There are two degrees of criminal trespass in the State of Washington:
Criminal Trespass in the First Degree, a gross misdemeanor, and Criminal
Trespass in the Second Degree, a misdemeanor.
Criminal Trespass in the First Degree
Criminal Trespass 1 is defined in
RCW 9A.52.070. This crime occurs when a person knowingly enters or remains unlawfully in a
Criminal Trespass in the Second Degree
Criminal Trespass 2 is defined in
RCW 9A.52.080. This crime is very similar to Criminal Trespass 1, though all the prosecution
is required to prove is knowingly entering or remaining on
premises of another.
A number of statutory defenses can apply when a person is charged with
either Criminal Trespass 1 or 2. First, it is not trespassing if the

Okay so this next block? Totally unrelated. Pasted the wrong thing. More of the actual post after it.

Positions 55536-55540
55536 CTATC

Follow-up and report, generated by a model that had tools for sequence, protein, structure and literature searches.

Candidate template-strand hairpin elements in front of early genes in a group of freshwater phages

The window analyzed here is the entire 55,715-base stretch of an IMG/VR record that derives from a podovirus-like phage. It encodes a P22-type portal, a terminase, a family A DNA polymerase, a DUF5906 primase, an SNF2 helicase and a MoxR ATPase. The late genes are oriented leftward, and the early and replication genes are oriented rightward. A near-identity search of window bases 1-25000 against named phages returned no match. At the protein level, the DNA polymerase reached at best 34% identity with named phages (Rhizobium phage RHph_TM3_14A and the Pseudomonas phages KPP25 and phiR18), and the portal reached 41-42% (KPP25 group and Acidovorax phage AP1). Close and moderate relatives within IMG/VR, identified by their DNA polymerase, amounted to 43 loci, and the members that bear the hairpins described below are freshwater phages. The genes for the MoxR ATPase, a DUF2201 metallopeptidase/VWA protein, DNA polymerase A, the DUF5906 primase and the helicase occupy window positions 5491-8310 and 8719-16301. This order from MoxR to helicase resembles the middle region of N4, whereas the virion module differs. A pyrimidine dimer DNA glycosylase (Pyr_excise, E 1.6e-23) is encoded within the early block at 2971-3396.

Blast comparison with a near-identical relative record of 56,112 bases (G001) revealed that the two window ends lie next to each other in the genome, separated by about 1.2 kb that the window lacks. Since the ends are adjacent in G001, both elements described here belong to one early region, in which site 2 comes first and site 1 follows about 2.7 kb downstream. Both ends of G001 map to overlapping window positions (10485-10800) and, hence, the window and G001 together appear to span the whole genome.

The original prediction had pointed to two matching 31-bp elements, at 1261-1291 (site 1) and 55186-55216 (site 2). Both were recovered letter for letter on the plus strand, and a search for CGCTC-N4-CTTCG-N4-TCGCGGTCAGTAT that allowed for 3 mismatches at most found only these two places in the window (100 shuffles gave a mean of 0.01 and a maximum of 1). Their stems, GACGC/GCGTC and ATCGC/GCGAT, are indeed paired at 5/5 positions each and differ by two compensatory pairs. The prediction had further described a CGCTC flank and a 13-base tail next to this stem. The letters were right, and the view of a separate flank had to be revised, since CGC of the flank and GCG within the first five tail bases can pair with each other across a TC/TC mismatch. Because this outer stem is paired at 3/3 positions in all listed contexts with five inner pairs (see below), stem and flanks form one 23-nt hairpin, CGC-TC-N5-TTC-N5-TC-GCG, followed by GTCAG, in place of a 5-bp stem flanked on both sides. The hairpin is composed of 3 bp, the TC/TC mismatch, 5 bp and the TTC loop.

building at issue is abandoned. Second, it is not trespassing if, at the time of
entering or remaining, the premises were open to the public and the actor
complied with whatever conditions were imposed on access to or remaining
in the premises. Third, it is not trespassing if the actor reasonably
believed that he or she would have been given permission had they asked.
Finally, it is not trespassing if the actor was making an attempt to serve
legal process (though, the actor is not allowed to enter into a private
residence or any other non-public building, and the actor must establish
that entry onto the premises was necessary and reasonable to accomplish
service of process.
A charge of Criminal Trespass can be “compromised” pursuant to
Washington’s Misdemeanor Compromise statute.
To learn more, call Baumgarten Law Office for a free consultation.